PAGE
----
Categories of Special Interest
Architectural, Artistic, Social
In Use As
1850 - 1865
Freestanding Catholic church on cruciform-plan, built 1857-60, comprising three-bay nave to the south-west having gable-fronted single-bay single-storey porch attached to the south-east end of the east elevation, single-bay chancel to the north-east, shallow single-bay transepts to the north-west and south-east, single-storey sacristy attached to the north-west side of chance and with later single-storey porch and extension attached to the south-west gable end of the nave (c. 1965). Pitched natural purple slate roofs with raised ashlar copings to gable ends having kneeler stones to eaves and with cut stone Celtic cross finials to gable apexes, cast-iron rainwater goods, and with stepped three-stage gabled ashlar bellcote to north-east end of nave having ashlar skews, wrought-iron Celtic cross finial over, and paired pointed-arched openings with quatrefoil motif above. Two-stage chamfered yellow brick and rendered chimneystack to sacristy with clay-ware pot. Dressed rubble slate walls over projecting dressed rubble stone plinth with chamfered ashlar sandstone coping over, and with rubble stone buttress with ashlar sandstone skews\coping over to the north-east end of transept to the south-east. Pointed-arched window openings to the nave having chamfered cut sandstone surrounds with cusped heads, chamfered ashlar sandstone sills, and with leaded windows. Tripartite pointed-arched window openings to gable ends of transepts having chamfered ashlar sandstone surrounds, chamfered ashlar sandstone sills, cut sandstone tracery, and with leaded windows having coloured glass insets. Four-light pointed window opening to the south-west gable end of nave having chamfered ashlar sandstone surrounds, chamfered ashlar sandstone sills, cut sandstone tracery with pointed-arched window openings surmounted by roundel motifs, leaded stained glass windows, and with cut sandstone hoodmoulding over. Pointed-arched window openings to side elevations of chancel having chamfered ashlar sandstone surrounds, chamfered ashlar sandstone sills, cut sandstone tracery, and with leaded windows. Triple-light pointed-arched window opening to the chancel gable having chamfered ashlar sandstone surrounds, chamfered ashlar sandstone sills, cut sandstone tracery with cusped window openings surmounted by three sexfoil motifs, leaded stained glass windows, and with cut sandstone hoodmoulding over. Square-headed window openings to sacristy having chamfered ashlar sandstone surrounds, chamfered sills, and with leaded windows. Pointed-arched doorway to the south-east face of porch set in pointed-arch recess having chamfered ashlar sandstone surround with incised multifoil motif over, and with battened timber double doors with wrought-iron hinges. Modern square-headed window and door openings to later porch and extension to the south-west. Exposed timber trusses internally having timber sheeted ceiling, timber pews and marble altar with double chamfered chancel arch on colonnettes. Set back from road in own grounds to the south-west of the centre of Saint Johnstown. Car park to the east and modern graveyard (1951) to the west. Freestanding bellcote to the south having cast-iron supports, decorative cast-iron spandrels, and bell metal bell. Cut stone Celtic cross memorials to the south of site adjacent to modern extension. Rubble stone boundary walls to the east (modern) and to the south.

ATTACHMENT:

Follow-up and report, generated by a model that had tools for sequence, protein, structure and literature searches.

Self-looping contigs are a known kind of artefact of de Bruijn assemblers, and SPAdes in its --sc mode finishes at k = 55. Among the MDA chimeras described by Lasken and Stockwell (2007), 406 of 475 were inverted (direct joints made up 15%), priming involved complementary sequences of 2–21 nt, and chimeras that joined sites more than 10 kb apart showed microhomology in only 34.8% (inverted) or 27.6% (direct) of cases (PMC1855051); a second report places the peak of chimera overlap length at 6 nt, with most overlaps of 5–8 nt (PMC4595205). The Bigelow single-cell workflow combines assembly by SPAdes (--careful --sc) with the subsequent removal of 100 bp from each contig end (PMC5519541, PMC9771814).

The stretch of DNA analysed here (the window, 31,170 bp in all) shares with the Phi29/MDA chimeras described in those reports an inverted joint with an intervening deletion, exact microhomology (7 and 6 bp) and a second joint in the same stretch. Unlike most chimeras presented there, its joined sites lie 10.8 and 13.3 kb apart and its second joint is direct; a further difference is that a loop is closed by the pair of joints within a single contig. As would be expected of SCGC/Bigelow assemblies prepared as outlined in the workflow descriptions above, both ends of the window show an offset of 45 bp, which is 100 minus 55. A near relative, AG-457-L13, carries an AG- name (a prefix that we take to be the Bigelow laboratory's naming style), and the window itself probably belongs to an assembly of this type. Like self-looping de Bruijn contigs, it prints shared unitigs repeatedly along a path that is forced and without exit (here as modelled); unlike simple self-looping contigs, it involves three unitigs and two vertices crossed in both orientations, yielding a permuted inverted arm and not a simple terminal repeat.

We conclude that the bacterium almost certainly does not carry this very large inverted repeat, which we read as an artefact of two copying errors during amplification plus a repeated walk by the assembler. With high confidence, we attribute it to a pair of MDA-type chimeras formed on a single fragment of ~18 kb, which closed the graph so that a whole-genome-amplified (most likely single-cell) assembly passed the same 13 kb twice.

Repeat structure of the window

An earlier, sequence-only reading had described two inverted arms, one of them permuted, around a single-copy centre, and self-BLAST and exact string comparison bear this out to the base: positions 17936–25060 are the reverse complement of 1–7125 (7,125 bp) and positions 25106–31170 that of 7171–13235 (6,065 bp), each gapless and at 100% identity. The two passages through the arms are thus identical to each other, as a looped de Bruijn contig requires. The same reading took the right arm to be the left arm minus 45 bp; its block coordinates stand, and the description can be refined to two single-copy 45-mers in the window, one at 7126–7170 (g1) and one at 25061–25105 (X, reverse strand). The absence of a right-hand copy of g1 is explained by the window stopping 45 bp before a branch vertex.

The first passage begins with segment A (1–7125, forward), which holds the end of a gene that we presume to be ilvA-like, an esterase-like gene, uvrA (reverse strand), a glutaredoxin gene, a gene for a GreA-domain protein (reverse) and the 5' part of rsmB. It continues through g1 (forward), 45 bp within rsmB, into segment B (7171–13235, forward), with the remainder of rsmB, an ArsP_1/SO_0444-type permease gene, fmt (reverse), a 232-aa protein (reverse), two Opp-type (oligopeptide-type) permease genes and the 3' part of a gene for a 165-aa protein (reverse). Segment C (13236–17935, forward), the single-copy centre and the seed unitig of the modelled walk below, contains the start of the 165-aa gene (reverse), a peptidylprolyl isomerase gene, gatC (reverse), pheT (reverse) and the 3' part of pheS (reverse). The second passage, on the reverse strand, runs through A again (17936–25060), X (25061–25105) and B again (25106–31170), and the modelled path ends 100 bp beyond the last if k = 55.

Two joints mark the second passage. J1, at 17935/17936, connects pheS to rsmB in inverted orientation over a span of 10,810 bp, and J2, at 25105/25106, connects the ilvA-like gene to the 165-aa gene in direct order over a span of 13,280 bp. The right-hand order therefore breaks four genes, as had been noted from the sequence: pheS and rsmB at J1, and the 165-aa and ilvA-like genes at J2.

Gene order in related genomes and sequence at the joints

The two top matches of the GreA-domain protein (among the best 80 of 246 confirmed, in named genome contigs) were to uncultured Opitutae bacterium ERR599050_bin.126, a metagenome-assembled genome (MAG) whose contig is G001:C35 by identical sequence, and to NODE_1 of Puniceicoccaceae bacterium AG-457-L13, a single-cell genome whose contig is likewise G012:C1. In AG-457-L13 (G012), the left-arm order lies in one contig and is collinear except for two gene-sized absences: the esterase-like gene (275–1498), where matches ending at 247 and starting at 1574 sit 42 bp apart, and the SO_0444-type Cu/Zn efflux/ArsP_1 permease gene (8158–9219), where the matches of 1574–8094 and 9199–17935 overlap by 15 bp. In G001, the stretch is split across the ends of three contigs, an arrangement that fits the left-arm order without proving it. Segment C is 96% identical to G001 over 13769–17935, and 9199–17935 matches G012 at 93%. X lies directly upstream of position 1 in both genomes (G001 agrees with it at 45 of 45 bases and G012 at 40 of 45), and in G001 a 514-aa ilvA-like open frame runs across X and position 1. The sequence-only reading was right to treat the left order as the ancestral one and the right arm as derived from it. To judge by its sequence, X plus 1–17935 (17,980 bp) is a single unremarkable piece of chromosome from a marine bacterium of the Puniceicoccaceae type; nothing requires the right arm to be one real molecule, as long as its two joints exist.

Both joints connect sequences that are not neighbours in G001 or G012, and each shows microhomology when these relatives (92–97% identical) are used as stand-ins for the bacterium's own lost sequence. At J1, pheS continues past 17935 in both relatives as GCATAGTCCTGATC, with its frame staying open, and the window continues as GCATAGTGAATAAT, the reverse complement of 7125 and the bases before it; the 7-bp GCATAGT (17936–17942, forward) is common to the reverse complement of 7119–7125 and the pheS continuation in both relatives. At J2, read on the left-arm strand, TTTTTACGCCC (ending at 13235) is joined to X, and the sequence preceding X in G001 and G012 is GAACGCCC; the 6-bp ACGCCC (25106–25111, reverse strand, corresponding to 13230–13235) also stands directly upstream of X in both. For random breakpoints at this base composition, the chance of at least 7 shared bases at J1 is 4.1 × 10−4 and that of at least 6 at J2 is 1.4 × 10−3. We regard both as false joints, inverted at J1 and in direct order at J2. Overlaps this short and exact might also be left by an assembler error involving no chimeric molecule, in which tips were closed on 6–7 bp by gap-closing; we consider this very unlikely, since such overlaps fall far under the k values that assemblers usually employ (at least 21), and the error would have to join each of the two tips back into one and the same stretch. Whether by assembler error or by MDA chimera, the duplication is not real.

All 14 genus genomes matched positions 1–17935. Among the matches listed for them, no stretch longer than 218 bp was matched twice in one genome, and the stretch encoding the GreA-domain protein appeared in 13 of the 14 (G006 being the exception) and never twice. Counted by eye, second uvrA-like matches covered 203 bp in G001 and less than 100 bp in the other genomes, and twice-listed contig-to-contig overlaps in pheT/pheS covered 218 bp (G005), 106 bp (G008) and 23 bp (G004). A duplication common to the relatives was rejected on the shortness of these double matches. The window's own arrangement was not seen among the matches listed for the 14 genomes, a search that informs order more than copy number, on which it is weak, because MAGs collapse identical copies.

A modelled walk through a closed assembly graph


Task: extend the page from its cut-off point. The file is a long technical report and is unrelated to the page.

An impressive and distinctive mid-nineteenth-century Catholic church retains its early form and character despite some modern alterations to the interior. It is well-built using robust local rubble slate masonry with good quality cut sandstone trim, particularly to the openings, bellcote, and to the gable verges with kneeler stones and Celtic cross finials. The pointed-arched openings, steeply pitched slate roofs and gables give it a Gothic Revival character that is typical of its type and date. The unusually sparse and small window openings to the side elevations of the nave and chancel create vast expanses of blank walling that give this building a curious early medieval character. The building is also notable for the rather eccentric tracery to the multi-light windows to the transepts, chancel gable and nave gable. This fine building, perhaps the best piece of architecture in the St. Johnstown area, was built to designs by Edward William Godwin (1833-86), an English architect who was based in Derry for a number of years in the late 1850s. He designed three Catholic churches in Donegal during this period; he was responsible for the churches at Newtowncunningham and Tory Island in addition to this building. Godwin was very interested in Irish antiquities (he published an article entitled 'On the architecture and antiquities of the western part of the province of Ulster' in 1872) and, perhaps, his knowledge of medieval church architecture partially inspired his designs for this church at Saint Johnstown. The foundation stone for this building was laid on the 4th of April 1857 and it was dedicated on the 9th of December 1860. The main contractor involved in the construction was a Samuel McElwee and the stonework contractor was a Mr. Gore of Derry. The rather eccentric stone carving to the windows was by a Mr. Doherty, also of Derry. The church cost some £2,000 to construct. The workshop of Frederick Settle Barff (1823-86) was responsible for stained glass, high altar and side altar with Pieta, all of which were later removed as part of renovation works c. 1965. Internally the space is restrained with the chancel arch and exposed timber trusses of architectural merit; much of its character was compromised by re-ordering c. 1965. This fine church is an integral element of the built heritage and social history of Saint Johnstown. The freestanding bellcote, surviving sections of original rubble stone boundary wall and the modern graveyard to the east complete the setting of the church, which is a landmark feature in the rural landscape along the main approach road into the town from the south.